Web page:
I was recently asked if, on my Route 6 journey, I detected a theme in the more economically successful communities. Though a complex issue, my first gut response was - "yes, those that attract artists."
Provincetown is now one of the greatest, gayest, fun resort towns in America, getting the formula right early on. But not every area of the country is as lucky - natural beauty-wise - as Cape Cod. Yes, it attracted artists, but those artists came for a REASON; to paint the achingly gorgeous landscape at the edge of the world.
Though Provincetown is a Tourist Industry success, I did discover other struggling cities and towns that have emerged from or are digging out of economic despair:
1. Provincetown, MA; See above
|Frank Gehry Design|
Case Western Reserve University
|Rock and Roll Hall of Fame|
|Olga's Yarn Gift Shop|
3. Coudersport, PA; Here's where one couple can make a difference. I wrote about Olga Gallery Cafe and and Bistro in this post. Young and artsy, Olga and her husband John Snyder opened a feast-for-the-eyes, bursting with yarn and color gift shop/pub/venue for live music and people from near and far are hearing about little Coudersport, PA. The Snyders took a chance, offer the best food, craft beer and home-made one-of-a-kind crafted clothing and gifts, and are nearly singlehandedly bringing a sagging downtown back to life.
|John Deere Pavillion|
4. Moline, IL and the Quad Cities: Moline's got the Mississippi River, John Deere's headquarters with its immense and free interactive museum, one of the oldest soda fountains in the country, a water taxi to transport you around, and a lot of great tourist-draws - a city on the cusp of tourist popularity. I wrote about my impressions of Moline here, and I expect the quad cities will be discovered by the rest of the country soon.
|Pour House Vintages|
5. Friend, NE: entrepreneur and screen-writer, Carrey Potter has set up a lovely wine-tasting bistro called Pour House within a slowly-being-restored Friend Opera House. The small town “Opera House” is a grandiose moniker for the factory-type building that served as a theater and gathering place for residents who craved culture on the Plains. Many of these Opera Houses across the Midwest are in decay, but Carrey is turning back the clock in little Friend, NE. The Pour House featuring nine Nebraska wines and others draw people from 100 miles away. Carrey loves to play on words, reflected in the names of her house vintages; Betty White, Sknow White and Little Red Wrightinghood (which has a sweet snap a bit like a wine cooler). Soon to open - if not already - is an art gallery next door; Mary, Mary Quite Contrary.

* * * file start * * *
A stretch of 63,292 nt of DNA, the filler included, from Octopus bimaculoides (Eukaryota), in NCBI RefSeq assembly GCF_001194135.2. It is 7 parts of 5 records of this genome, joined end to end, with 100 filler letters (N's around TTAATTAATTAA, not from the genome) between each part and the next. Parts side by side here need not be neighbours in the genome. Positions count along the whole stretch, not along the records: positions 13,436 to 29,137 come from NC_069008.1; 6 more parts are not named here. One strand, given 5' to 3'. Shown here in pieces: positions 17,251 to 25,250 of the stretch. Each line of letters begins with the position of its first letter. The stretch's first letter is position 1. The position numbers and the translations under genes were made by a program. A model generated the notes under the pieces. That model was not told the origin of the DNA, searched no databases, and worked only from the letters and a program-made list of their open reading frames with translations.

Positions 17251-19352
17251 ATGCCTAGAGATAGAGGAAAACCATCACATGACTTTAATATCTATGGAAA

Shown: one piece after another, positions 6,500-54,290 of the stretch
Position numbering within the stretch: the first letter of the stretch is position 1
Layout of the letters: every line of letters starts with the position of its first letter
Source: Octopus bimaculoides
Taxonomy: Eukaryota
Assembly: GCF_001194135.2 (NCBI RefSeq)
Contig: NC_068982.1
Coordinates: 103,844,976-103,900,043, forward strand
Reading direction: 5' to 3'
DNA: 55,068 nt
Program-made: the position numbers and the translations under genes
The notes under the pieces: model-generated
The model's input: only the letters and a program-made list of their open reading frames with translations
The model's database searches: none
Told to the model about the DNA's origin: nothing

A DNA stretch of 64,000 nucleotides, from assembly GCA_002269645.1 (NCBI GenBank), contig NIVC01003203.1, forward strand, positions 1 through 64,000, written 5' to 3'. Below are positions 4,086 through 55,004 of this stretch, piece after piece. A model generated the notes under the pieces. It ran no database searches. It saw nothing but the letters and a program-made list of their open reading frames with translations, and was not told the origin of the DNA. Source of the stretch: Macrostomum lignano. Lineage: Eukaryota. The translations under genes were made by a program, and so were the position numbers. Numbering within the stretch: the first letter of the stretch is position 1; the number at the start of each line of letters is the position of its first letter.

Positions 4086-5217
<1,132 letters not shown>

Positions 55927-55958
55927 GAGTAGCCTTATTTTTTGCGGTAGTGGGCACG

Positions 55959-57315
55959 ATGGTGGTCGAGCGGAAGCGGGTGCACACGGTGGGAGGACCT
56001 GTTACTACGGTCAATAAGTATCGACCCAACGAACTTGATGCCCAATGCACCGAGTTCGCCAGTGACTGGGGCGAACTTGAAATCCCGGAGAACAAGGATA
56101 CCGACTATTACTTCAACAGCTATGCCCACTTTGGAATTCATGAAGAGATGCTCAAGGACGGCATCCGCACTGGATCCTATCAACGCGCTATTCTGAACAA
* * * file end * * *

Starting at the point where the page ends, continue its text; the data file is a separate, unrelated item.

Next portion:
6. Ashland, NE: Last but not least, I wrote the following about great little Ashland:
A friendly, artistic, pretty, open-minded, proud, wonderful small town. The Willow Point Art Gallery and Museum features a “Four Season” taxidermy’d woodland animal diorama, with a big polar bear as most popular draw. Owned by Mary Roncka and her artist-husband Gene, soothing music and a small waterfall gives the shop a spa-like feel. There, I met Roger Bratt, feisty Marti Fritzen and elegant Peg Lutton; officers in the Ashland Historical Society. They told me about local golden boy, astronaut Clayton Anderson, and the fact that Ashland has six buildings on the National Historic Register. The town is on the Ox Bow Trail –a limestone ledge on the Salt Creek River where Oregon Trail and Mormon Trail wagons could cross and not sink into the muck. Ashland has a worldly crossroads character, in spite of its small size.
|Cheri O'Kelly, owner, Cheri-O's|
|Roger Bratt at Cheri-O's|
|Kim Cooper, artist, Cooper's Art Gallery|
|Glacial Till Winery Tasting Room|
|Marti Fritzen and Peg Lutton|
Ashland Historical Society
On just one main street, there are several art galleries; Willow Point is one and Cooper Studio and Gallery in a former old Grocery Store is another. There, I met artist Kim Cooper and fell in love with one of his acrylic nature pieces, so I just had to buy it.
Right across the street, The Glacial Till Winery Tasting Room enticed me with its name alone. I was even more impressed when I walked into a swanky, streamlined bistro ($5 for 3-5 tastings) with ANOTHER art gallery upstairs; seemingly out-of-place, again, in small-town Nebraska. To get the full Ashland experience, have a sandwich at Cheri-O’s, a taste of vino at Glacial Till, peruse the art at Willow Point and Coopers and walk slowly down Silver St.